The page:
Deliveroo IPO dubbed “worst in London’s history” as billions wiped off its value

Deliveroo’s long awaited stock market debut has been dubbed “the worst IPO in London’s history” after nearly £2 billion was wiped from its value.

Deliveroo ended its first day of trading down 26 per cent at £2.87 per share, giving it a market capitalisation of £5.6 billion.

This was considerably less than the £8.8 billion it had originally targeted, even after dropping its target price to £7.6 billion days before its float.

While its float was one of the worst first day performances on record, it still represented London’s largest listing since ecommerce giant THG in September, raising £1.88 billion.

Deliveroo was pitched as a potential revival for the London financial sector, with the government hoping its performance could attract more high-growth tech firms to list in the UK instead of European exchanges like Amsterdam.

According to the Financial Times, one of Deliveroo’s own bankers called it “the worst IPO in London’s history”, with bankers, advisors and investors blaming “at least three” big short sellers for the opening dive in share price.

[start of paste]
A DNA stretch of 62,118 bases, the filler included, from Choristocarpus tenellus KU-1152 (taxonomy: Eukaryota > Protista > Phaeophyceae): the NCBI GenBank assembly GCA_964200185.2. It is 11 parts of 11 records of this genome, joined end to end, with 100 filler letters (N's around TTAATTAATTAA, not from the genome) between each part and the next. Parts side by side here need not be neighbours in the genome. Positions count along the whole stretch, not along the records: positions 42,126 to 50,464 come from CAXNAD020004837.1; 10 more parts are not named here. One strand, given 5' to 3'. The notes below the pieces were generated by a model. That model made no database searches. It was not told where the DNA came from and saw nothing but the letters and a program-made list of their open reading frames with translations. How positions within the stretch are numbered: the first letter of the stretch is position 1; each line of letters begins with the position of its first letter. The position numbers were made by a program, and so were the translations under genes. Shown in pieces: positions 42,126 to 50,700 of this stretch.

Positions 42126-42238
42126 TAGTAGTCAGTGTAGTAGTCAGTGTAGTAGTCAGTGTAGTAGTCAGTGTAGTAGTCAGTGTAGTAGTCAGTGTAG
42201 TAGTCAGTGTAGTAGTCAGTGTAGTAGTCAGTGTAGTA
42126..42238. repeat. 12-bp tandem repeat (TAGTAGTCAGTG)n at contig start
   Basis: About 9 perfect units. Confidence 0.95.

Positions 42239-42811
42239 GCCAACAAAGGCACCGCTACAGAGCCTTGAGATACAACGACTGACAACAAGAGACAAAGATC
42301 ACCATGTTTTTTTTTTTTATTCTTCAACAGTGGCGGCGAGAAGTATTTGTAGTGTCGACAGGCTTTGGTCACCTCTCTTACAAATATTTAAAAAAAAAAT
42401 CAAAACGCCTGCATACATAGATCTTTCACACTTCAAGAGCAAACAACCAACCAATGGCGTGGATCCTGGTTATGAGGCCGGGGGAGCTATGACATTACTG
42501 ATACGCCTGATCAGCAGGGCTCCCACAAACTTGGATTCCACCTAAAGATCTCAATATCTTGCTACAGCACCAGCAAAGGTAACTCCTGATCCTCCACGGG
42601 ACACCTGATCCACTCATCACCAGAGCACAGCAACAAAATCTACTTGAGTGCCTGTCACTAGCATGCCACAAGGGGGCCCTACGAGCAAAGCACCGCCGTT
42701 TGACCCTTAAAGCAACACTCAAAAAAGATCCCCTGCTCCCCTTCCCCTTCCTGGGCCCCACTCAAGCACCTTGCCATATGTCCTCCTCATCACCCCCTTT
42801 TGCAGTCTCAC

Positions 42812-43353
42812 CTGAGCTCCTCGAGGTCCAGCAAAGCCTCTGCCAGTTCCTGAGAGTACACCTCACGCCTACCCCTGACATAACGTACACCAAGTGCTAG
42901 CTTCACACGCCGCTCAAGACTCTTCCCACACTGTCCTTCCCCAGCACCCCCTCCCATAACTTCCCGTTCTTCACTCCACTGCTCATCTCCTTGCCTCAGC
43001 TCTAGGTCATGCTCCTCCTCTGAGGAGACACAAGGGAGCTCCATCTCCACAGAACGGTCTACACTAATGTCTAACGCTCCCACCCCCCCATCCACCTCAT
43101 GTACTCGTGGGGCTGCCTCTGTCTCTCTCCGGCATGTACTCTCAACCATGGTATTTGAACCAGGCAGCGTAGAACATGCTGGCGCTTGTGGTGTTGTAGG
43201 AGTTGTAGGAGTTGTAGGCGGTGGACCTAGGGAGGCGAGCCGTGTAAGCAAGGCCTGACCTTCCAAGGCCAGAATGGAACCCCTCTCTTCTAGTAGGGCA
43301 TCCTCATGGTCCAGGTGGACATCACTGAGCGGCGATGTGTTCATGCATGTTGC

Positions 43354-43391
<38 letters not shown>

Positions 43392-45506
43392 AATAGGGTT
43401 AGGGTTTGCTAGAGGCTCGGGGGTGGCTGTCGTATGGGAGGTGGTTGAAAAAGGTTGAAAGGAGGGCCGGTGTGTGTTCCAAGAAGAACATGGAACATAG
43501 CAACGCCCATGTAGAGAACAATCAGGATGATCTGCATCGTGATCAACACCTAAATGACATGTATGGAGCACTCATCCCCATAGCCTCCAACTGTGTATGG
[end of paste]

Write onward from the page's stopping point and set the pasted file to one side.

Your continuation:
READ MORE: Deliveroo shares flop 30% in IPO wiping £2bn off value

Others have pointed to the timing of the IPO, pointing to the wider markets sharp shift away from tech companies which have flourished during the pandemic towards ‘recovery stocks’.

“It’s not a great endorsement of setting IPOs in the UK,” analyst at Mirabaud Securities Neil Campling said.

“You have the combination of poor timing, as many ‘at home’ stocks have been under pressure in recent weeks, and the well-publicized deal ‘strike’ by a number of A-list institutional investors.”

Deliveroo was also faced with a growing backlash from major investors after a damning report found that around a third of its riders were paid less than minimum wage.

Just weeks earlier gig-economy pioneer Uber announced it would now consider all of its 70,000 UK drivers ‘workers’, allowing them increased rights and pay.

Deliveroo, which has so far never turned a profit, has explicitly said its model would struggle to function if it was required to class its riders as workers.

This frightened investors who predict its only a matter of time before similar legal challenges over workers rights are brought to Deliveroo.

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CompaniesDelivery / Supply Chain

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